How mission-based businesses are driving innovationHow mission-based businesses are driving innovation
Did you miss the Spark Change Mission-Driven Business Community Event? If so, check out these key stats all about the growth of mission-driven businesses that underscore how, for today's consumers, purchasing is personal.
September 22, 2020
“Innovation” is a buzzword that is frequently tossed around when a new product rolls out, and it often refers to new flavors or new package sizes. Many brands and retailers are transforming what innovation can look like as they find exciting ways to address bigger issues—and shoppers are taking notice.
During the Spark Change Mission-Driven Business Community Event, Kathryn Peters, executive vice president of business development for SPINS, and Eric J. Pierce, vice president of business insights for New Hope Network, came together to discuss the future of mission-driven businesses and their connection to shoppers. Here are some of the insights they discussed during the session entitled “What's Next in Mission-Driven Business?”
Why should you care about mission-driven businesses?
At its core, mission-driven businesses are addressing matters that are bigger than any single person—it requires a community coming together with a shared goal. But there are businesses benefits as well. Consumers are looking for products and retailers that share their values or concerns, and they’re using their spending power to show support. This opens an opportunity for retailers and brands to differentiate themselves from competitors, establishing an emotional connection and loyal customer base in the process. For this growing segment of consumers, these purchases are personal.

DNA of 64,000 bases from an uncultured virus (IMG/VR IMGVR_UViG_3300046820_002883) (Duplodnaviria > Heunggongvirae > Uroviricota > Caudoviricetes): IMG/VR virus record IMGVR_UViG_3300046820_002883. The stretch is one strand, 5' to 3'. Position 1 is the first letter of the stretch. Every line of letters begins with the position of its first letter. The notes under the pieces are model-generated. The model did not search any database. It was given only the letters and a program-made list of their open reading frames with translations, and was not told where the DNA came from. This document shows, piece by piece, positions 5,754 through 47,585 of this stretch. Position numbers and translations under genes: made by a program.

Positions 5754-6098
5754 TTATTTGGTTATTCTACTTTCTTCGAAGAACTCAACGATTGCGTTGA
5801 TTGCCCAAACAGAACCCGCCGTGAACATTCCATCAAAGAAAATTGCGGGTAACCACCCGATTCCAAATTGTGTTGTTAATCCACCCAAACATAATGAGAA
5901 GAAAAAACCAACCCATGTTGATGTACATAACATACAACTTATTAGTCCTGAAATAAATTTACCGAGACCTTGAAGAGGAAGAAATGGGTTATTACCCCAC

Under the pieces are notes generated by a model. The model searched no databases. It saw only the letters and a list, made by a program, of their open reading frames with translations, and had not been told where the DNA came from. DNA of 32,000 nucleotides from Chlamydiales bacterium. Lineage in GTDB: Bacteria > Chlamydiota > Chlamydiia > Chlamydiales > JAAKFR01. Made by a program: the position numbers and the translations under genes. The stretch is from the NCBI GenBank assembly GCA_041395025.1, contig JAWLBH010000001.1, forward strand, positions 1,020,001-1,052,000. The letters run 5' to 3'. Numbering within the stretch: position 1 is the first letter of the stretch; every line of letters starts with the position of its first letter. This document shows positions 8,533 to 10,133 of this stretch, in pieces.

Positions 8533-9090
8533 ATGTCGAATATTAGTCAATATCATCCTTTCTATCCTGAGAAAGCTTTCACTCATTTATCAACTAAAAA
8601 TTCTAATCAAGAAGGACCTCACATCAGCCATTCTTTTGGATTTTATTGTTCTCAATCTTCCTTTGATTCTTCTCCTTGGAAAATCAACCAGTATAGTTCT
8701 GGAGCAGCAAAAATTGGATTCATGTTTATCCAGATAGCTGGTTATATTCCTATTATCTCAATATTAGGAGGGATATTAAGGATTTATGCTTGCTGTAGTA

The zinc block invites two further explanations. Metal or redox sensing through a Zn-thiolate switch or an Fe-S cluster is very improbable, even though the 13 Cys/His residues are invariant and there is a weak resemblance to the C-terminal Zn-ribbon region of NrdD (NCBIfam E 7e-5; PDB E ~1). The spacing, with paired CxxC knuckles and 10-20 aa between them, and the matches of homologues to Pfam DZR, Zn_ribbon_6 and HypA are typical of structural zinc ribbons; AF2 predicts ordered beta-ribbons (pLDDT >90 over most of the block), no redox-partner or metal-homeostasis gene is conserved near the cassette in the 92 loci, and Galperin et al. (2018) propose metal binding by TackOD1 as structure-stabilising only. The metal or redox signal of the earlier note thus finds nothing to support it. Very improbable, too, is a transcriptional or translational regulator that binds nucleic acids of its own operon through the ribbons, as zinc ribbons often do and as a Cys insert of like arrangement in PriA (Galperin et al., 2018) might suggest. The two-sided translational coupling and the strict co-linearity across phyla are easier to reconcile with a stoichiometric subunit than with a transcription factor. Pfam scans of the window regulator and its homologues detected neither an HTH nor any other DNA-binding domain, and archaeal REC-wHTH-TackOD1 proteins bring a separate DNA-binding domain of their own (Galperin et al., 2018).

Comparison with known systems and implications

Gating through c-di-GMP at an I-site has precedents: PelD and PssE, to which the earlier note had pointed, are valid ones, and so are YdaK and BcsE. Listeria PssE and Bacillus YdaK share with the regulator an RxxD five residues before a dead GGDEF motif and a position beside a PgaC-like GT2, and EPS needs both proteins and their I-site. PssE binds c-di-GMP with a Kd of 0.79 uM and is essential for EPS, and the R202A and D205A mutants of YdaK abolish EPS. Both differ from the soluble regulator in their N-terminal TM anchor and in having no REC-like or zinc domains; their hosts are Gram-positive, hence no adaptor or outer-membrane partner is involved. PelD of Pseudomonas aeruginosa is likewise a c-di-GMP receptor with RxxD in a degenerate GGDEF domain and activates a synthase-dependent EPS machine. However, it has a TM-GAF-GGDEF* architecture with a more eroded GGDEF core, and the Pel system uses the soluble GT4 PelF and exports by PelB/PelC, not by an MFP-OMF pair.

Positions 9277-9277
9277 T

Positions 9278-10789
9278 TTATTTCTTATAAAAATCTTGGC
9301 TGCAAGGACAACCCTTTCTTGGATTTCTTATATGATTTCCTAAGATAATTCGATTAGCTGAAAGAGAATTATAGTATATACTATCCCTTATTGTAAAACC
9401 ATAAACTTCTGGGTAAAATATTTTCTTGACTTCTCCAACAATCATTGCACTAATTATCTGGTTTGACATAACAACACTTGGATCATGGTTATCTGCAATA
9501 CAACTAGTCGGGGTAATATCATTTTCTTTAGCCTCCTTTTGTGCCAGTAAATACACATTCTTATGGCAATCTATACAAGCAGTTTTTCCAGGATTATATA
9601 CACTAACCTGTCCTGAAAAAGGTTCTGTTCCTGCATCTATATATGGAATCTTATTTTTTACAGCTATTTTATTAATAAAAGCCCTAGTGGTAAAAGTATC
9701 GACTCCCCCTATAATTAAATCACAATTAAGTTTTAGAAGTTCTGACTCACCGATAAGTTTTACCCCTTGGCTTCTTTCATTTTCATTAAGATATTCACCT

What are consumers looking for?
Shoppers, especially those who gravitate toward natural products, still care about their wellness. Their lifestyle tenets—whether that’s vegan or clean eating—are still a driving force behind their purchases, but they’re bringing mission into the fold. During the webinar, Peters highlighted the five trends listed below that exemplify the intersection of mission and wellness.
1. Diversity is increasingly important.
Shoppers want to support businesses that are owned by members of groups that have historically faced oppression. They are researching companies to learn who’s behind the products and what certifications the business has. Peters looked at SPINS data looking at sales in the US Natural Enhanced Channel for a 12-week period ending in early August of brands participating in the KeHE’s DIVERSEtrade program to build a directional aggregate of performance and discovered:
Businesses with LGBT ownership and/or certified by the NGLCC grew 36%.
Minority-owned (BIPOC) and/or certified businesses grew 24%.
Businesses owned by women and/or certified grew 15%.
2. Plant-based market continues to see strong growth.